I know some people don't like to click the videos, so we've put a few still images in here as well. I know eventually we'll get tired of taking the same old photos and you will no longer be getting subjected to the same old view from the outside helm station. But this is usually where I'm standing when taking photos while sailing.

We planned to take the time to test the old Mercury outboard that came aboard Twisted Sheets. I cleaned it up and got it running fairly smoothly while it was clamped to the Land Rover. It's pretty elderly and could use a lot of parts replaced. This trip should tell us whether it's worth keeping or not.

This photo was taken just as we passed the southern tip of West Caicos. This is marked as location "2" in that Google Earth satellite image up above.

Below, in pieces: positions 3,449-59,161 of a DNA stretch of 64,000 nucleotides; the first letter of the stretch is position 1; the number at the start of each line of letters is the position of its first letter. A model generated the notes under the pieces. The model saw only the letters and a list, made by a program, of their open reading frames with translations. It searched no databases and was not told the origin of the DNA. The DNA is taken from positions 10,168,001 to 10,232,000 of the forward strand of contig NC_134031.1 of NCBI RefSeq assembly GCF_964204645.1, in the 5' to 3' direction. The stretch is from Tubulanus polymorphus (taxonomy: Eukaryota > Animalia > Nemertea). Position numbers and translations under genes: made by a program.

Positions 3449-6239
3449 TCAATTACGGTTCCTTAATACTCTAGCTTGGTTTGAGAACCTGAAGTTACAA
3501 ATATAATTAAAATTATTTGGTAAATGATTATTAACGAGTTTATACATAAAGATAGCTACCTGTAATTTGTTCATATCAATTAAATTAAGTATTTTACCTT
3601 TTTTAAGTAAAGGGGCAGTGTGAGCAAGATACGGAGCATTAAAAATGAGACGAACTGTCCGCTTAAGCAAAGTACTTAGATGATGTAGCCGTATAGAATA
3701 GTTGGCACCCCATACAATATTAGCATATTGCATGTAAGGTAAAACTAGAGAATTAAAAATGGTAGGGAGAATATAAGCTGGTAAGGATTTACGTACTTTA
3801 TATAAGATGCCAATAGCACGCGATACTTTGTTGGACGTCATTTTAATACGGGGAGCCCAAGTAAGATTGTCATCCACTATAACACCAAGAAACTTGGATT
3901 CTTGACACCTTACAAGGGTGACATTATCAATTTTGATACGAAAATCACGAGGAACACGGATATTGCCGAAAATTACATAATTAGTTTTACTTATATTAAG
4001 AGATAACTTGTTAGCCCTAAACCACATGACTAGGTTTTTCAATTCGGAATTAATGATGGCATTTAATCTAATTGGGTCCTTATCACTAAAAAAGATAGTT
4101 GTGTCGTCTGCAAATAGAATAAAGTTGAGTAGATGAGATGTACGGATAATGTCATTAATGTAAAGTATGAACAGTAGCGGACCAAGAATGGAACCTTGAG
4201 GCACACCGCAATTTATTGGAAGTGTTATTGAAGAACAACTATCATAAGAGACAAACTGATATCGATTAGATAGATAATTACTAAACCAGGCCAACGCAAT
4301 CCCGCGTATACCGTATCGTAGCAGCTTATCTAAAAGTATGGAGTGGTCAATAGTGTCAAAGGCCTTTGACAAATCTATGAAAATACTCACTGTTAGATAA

The angle of the wind up the other side of the island was even better, and we were cruising along at 6-8 knots without bothering to fine tune the sails. This is not a fast catamaran. It's a solid, heavy catamaran. Stable. Slow. We could have probably played with the sails and gotten a little more speed out of her, but we were enjoying the sail so much we just didn't bother. We knew we would be at our destination by mid afternoon. There will be plenty of time to play with sail trim on some of our long trips in the future. We've got 8 other sails we haven't even tried yet.